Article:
2 Colum. J. Eur. L. 277 (1996)
George S. Katrougalos. Research Fellow, E.P.I.K.A.Y.P. Institute, Athens Law School; Visiting Professor, Roskilde University (1994-1995).
The aim of this article is to present an overview of the implementation of social rights in Europe. The constitutional foundation of these rights and, more generally, of the welfare state, represents one of the most striking differences between the American and the Continental legal system. Many scholars have noted that the European concept of the state is closely related to the Anglo-American notion of the welfare or administrative state, and the Commission of the European Communities seems justified in claiming that there is a distinct European social model. The former president of the Commission, Jacques Delors, defined it as “a mixed economy, with participation of all citizens, that combines the market with the state steering and the social dialogue.”
This difference is explained both by the divergences in the legal cultures that shaped these models, and the disparate processes of state formation, particularly as they influenced the establishment of welfare states. An important terminological distinction must be made, however, between the terms “welfare state” (Wohlfahrtstaat, état-providence) and “social state” (Sozialstaat, État social). Although they are used as interchangeably in colloquial practice, they are fundamentally different in nature. The concept of the welfare state describes the type of state which evolved in all developed countries during the twentieth century, as a response to the functional necessities of the modem capitalist economy. In contrast, the notion of the “social state” embodies a leading normative principle that constitutionalizes governmental obligations in the fields of social and economic policy. Therefore, the social state is the juridical form of organization of one type of welfare state, the one that implies a guiding, constitutional role for public power in economic and welfare matters, in order to maintain social security and to minimize extreme social differences.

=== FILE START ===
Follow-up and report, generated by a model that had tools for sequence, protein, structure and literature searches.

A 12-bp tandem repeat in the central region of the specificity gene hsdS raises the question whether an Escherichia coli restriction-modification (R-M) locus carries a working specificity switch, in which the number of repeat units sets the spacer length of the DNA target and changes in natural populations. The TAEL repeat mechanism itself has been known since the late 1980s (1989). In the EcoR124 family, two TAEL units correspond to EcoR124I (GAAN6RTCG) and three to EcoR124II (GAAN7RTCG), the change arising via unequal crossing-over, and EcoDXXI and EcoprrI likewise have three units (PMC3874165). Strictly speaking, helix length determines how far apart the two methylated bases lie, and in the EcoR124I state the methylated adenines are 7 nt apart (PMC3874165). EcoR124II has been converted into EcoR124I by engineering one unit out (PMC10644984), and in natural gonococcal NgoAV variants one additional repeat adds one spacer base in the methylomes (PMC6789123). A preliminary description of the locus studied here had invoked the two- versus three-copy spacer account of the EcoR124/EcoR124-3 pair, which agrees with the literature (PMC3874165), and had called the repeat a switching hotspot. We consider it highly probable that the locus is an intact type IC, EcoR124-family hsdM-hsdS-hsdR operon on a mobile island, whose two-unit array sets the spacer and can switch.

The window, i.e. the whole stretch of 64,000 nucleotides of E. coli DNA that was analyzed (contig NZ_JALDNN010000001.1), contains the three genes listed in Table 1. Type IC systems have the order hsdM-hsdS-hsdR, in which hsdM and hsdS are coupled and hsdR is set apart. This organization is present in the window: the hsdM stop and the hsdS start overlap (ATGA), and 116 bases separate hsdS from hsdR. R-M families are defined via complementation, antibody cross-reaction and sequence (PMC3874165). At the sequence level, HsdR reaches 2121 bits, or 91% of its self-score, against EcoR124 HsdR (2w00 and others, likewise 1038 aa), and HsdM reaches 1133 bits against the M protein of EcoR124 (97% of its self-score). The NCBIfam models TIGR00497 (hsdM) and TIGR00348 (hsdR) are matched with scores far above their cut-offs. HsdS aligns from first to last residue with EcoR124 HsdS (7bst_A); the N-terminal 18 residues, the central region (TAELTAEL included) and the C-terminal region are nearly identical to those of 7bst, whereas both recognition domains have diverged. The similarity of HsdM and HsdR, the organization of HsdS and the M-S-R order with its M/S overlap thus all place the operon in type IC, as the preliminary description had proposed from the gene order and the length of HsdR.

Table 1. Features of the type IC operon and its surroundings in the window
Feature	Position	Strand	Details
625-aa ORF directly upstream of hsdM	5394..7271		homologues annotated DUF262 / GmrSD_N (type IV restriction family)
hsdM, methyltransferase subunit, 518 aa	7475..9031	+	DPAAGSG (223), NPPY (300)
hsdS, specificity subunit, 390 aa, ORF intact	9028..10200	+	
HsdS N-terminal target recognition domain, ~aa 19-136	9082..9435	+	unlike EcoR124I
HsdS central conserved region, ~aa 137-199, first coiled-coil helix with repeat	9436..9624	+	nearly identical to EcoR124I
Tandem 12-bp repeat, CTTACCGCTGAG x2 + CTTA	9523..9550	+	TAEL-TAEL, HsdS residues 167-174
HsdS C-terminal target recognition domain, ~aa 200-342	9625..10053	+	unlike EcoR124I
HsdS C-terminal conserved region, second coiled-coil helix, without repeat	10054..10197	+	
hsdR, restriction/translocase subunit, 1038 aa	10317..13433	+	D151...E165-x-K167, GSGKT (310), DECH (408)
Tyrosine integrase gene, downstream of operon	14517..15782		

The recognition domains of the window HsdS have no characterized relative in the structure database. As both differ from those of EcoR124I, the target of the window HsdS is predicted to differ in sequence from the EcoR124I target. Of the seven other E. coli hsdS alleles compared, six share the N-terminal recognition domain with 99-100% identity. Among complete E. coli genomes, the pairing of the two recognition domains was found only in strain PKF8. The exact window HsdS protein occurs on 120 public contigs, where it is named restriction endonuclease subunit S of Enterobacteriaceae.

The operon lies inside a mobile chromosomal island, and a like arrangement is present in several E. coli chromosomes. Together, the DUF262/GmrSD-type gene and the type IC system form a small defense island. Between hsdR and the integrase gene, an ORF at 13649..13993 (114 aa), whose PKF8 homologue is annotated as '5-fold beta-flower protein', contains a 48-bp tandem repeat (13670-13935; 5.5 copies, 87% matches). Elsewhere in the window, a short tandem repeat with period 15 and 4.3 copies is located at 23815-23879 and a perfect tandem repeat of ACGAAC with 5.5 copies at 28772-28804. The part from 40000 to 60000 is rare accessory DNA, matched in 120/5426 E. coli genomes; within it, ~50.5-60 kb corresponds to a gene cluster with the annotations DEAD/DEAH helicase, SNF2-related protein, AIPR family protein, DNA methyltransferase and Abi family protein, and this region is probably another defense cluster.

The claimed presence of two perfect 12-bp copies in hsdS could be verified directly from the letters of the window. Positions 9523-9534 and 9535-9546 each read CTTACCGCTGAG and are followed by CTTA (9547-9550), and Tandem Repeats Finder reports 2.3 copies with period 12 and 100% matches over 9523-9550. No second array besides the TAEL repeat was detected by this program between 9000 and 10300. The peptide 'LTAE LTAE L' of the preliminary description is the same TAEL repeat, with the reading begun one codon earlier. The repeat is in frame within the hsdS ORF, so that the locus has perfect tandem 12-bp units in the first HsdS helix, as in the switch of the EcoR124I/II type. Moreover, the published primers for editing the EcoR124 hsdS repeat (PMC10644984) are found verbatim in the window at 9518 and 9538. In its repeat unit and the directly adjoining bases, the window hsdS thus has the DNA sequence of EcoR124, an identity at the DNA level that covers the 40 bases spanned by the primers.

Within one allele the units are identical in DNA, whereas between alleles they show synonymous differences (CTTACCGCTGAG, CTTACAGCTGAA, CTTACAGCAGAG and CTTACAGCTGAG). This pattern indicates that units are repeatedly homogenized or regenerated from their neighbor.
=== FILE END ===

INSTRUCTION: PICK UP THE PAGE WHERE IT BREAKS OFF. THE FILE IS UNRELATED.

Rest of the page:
European constitutional theory accepts that structural principles like the “rule of law” or the “Social State” can be deducted by the overall corpus of the constitutional legislation, even without an explicit references to them. Almost all countries in Western Europe (with the exception of the United Kingdom and, to a lesser degree, Ireland) are “social states,” not only because they have explicitly adopted the principle of a “Social State’s Clause,” but also, and more often, by incorporating a list of social rights to their Constitutions.
In contrast, social policy has no constitutional foundation in the U.S. In earlier jurisprudence, social welfare was usually regarded as a function of largesse, or as a kind of public charity. Although the most “socially progressive” decision of the U.S. Supreme Court, Goldberg v. Kelly, recognized some procedural guarantees and held the termination of welfare benefits to be unconstitutional in the absence of due process of law, it did not recognize any substantial obligation of the State to provide welfare. Thus, in the U.S., there is an absence of positive constitutional rights in the arena of social policy, a phenomenon that reflects the fundamental differences in the balance of power between social actors in the U.S. and Europe. In the rare cases that the Supreme Court has accepted the existence of positive obligations of the State in the social sphere, it has favored the interests of employers over those of workers. In Truax v. Corrigan, for instance, it declared unconstitutional the laws forbidding injunctions against picketing by striking workers, on the ground that they denied employers due process of law. In other words, the Court construed the process clause, despite its negative formulation, to impose the positive obligation of protecting employers against the acts of private parties.
A radically different situation exists in continental Europe. There, social rights are protected to varying degrees by three different systems, the liberal, Continental and Scandinavian models.”